Leo Neve looks at a popular hybrid investment vehicle, which is not only beneficial for pension funds, but also for private investors who are tax protected by Netherland’s double taxation agreements (DTAs).
In this year’s overview on developments in the Netherlands, I will look at a popular hybrid investment vehicle, which is not only beneficial for pension funds, but also for private investors who are tax protected by Netherland’s double taxation agreements (DTAs). This specific investment vehicle is also popular because it does not require the disclosure of ultimate beneficial owners under the 4th amended EU Directive on Anti Money Laundering, 2015/849/EU.
The Dutch Law Fund for Mutual Account
A Fund for Mutual Account (FMA) or Fonds voor gemene rekening (FGR) is a Dutch investment vehicle which is formed through a contractual arrangement. Depending on the way it is set up, and in particular the requirements for the admission and substitution of participations, it may be either qualified as a tax transparent (closed FGR) or as a taxable (open FGR) entity for Dutch tax purposes. An FGR is considered tax transparent when its participations can only be transferred among new or existing participants with the consent of all participants, or solely transferred to the fund itself or to relatives of the participants in the direct line. Consequently, a closed FGR itself is not subject to Dutch corporate income tax and its income is directly attributed to its participants.
A FGR is not a legal entity, irrespective of whether it is deemed to be an entity for corporate income tax purposes. The FGR is created by agreement (terms and conditions for the administration) between a Manager and one or more investors (Participants), which obliges the Manager to invest and manage for the mutual account of the Participants monies and/or other assets contributed to the mutual account by the Participants. The Manager holds the assets for the risk and account of the Participants. Provided no specific regulatory rules require otherwise, any person, legal or natural, may act as the Depository. The person acting as the Depository is often a foundation, which acts in the capacity of Administrator (Administratiekantoor) of assets.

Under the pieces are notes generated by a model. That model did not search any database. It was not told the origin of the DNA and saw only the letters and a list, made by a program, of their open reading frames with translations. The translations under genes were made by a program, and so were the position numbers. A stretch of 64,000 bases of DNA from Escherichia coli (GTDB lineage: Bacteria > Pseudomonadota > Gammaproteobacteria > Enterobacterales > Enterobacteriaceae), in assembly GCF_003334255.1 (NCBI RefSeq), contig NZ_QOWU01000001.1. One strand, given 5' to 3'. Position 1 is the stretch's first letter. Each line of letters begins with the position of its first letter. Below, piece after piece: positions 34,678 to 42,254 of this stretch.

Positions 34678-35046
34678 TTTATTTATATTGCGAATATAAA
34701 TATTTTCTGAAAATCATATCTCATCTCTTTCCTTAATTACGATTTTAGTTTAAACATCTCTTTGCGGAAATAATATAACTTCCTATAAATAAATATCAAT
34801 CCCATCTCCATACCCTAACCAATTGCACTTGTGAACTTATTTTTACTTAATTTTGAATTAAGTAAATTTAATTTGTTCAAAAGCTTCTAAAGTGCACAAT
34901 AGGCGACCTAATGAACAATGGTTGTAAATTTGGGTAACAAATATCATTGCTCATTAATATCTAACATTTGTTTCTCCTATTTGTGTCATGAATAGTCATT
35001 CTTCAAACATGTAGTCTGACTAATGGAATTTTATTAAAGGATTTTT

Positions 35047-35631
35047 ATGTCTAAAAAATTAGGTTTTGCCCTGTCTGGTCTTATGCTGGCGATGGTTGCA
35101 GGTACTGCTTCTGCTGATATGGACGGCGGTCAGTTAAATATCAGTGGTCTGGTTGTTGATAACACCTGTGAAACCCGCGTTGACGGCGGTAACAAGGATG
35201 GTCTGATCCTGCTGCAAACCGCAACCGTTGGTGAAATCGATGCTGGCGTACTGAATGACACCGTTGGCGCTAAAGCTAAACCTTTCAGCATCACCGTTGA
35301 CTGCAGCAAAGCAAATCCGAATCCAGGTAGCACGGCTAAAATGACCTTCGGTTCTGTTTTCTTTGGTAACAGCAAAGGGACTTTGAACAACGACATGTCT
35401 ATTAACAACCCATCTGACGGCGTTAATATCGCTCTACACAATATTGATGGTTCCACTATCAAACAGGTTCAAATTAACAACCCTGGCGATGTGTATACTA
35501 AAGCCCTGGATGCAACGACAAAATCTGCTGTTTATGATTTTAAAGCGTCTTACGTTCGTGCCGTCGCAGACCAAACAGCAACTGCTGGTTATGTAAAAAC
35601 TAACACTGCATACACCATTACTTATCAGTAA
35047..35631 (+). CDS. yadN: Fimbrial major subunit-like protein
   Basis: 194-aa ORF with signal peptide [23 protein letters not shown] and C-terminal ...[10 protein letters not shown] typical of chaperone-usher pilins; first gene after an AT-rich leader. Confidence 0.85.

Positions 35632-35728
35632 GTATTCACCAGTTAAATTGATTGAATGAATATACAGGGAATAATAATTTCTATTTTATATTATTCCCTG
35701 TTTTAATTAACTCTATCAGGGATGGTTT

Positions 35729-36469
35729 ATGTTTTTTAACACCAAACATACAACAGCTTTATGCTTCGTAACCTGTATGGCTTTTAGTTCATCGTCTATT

Readers who use Dutch entities in their structures may be familiar with Dutch foundations acting as Administratiekantoor for administering shares and converting shares into certificates of shares, so that equity interests can be separated from voting interests.
The Advantages of FGR
The closed FGR is well suited for international investment. It is often used as an investment vehicle by Dutch and non-Dutch pension funds and other investors to pool their capital to invest collectively in a variety of assets. The main reason is to improve their return and to spread their risk. Such asset pooling can result in substantial savings for the investors. A FGR is well known in the professional investment environment, but less known is private spheres. A FGR is a tax-driven investment vehicle. Often a direct investment of a person in assets located outside their tax jurisdiction entitles them to benefit from a double tax agreement. Without intermediate vehicles, the person can benefit from the reduced withholding taxes under DTAs. With an intermediate vehicle in the investment structure the return on investment will often be converted into a (deferred) dividend and subsequent distribution by the vehicle will incur additional secondary withholding taxes. A FGR provides a pooled investment through a fund with a manager, but will still be a direct investment for tax purposes for the person.